Microsoft, Google and Baidu may be competitors in the business world, but when it comes to open-access academic resources, they’re all working together – thanks to a collaboration created by Seattle’s Allen Institute for Artificial Intelligence.
The Open Academic Search working group, or OAS, was set up to unite a wide spectrum of researchers working on academic search tools.
“It’s a number of connected initiatives, but all centered on how we promote discovery,” said Marie Hagman, OAS product manager as well as product lead for Semantic Scholar at the Allen Institute.
“That work is not where people are differentiating their products,” she said. “It’s just the hard work we all have to do in order to have anything at all.”
This is where the Open Academic Search initiative can facilitate the sharing of metadata, user behavior data and other resources.
“Once you’ve done the basics, there’s no shortage of opportunities for people to innovate,” Hagman said.
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The Allen Institute for Artificial Intelligence is trying to make the advancement of academic search and analysis a collaborative process, rather than a competitive one. Companies already freely distribute some of their tools and let others use them, but it’s still not as open and cooperative as it could be, said Oren Etzioni, chief executive officer of the Seattle-based institute.
“For us it’s a call to action to say, `hey, you’ve got nothing to lose and everything to gain, put some of these building blocks in open source and let’s work on it together and it’s a win-win,'” Etzioni said.
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Some background and links from Gary Price, infoDOCKET Founder and Editor:
At the bottom of this post we’ve included several links to some of our previous posts about Microsoft Academic Search (A Preview of MAS 2.0 is also available) and Semantic Scholar from the Allen Institute for Artificial Intelligence (AI2).
Both of these tools are resources we use often and also discuss in presentations. They’re both quite impressive and are constantly improving. I encourage you to try both of them.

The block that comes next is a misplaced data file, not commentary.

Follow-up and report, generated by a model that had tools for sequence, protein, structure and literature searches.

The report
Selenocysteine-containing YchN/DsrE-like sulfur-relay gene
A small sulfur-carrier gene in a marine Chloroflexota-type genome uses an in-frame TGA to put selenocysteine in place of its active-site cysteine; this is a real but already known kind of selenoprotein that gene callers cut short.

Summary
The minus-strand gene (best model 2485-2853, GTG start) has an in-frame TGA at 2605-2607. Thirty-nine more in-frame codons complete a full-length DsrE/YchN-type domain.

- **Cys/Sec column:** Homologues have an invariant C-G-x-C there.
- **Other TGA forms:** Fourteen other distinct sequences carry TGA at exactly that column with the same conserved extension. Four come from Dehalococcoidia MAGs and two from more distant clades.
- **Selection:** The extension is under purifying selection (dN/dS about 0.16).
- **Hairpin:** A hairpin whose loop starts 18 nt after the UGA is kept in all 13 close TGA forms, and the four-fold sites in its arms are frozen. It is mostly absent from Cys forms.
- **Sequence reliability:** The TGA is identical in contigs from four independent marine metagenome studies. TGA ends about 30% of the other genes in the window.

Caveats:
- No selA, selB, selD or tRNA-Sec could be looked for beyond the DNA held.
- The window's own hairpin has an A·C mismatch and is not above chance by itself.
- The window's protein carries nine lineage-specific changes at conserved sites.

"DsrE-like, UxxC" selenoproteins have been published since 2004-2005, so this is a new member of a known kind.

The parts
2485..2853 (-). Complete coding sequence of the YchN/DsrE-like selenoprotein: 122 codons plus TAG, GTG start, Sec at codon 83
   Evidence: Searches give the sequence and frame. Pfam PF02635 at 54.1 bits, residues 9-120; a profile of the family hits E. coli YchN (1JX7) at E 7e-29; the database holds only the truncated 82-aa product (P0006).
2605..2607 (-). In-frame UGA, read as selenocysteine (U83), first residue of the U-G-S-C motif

Google Scholar is the open web academic search tool that, like most things Google, is widely known and used but not as much as some might think when looking at referrals to academic material and comparing to Google.com and other country specific versions. You can see one example of this via Harvard’s DASH repository. Google has only made a few public announcements on the Google Scholar blog in the past few years about new and improved features. They did make one about a week ago.
I’ve found Baidu’s Academic Search tool useful but it can be challenging to use. If you can read Chinese you can access it here. Another way to access (there is no native English interface) and have some of the interface in English is to translate the Chinese into English using Google Translate.
A few more of the MANY “academic” search tools that we regularly mention on infoDOCKET.
- BASE (Bielefeld Academic Search Engine) from Bielefeld University in Germany. Numerous advanced features that librarians and all users will find useful and a massive database. As of June 20, 2017 BASE has metadata and links to 112,124,409 documents from 5,593 content sources. Btw, BASE also provides a separate database of the content sources they index (using OAI).
- ScienceOpen. Access to over 31 million open access articles and article records. Recently ScienceOpen launched MyScienceOpen with several visualization tools for academics to view research impact.
- Finally, worthy of your attention are SHARE (from ARL and the Center for Open Science) and topic/discipline specific searchable repositories (powered by COS tech) like SocArXiv and LawArXiv and the useful Digital Commons Network from bepress that searches across many bepress powered repositories.
Also from AI2: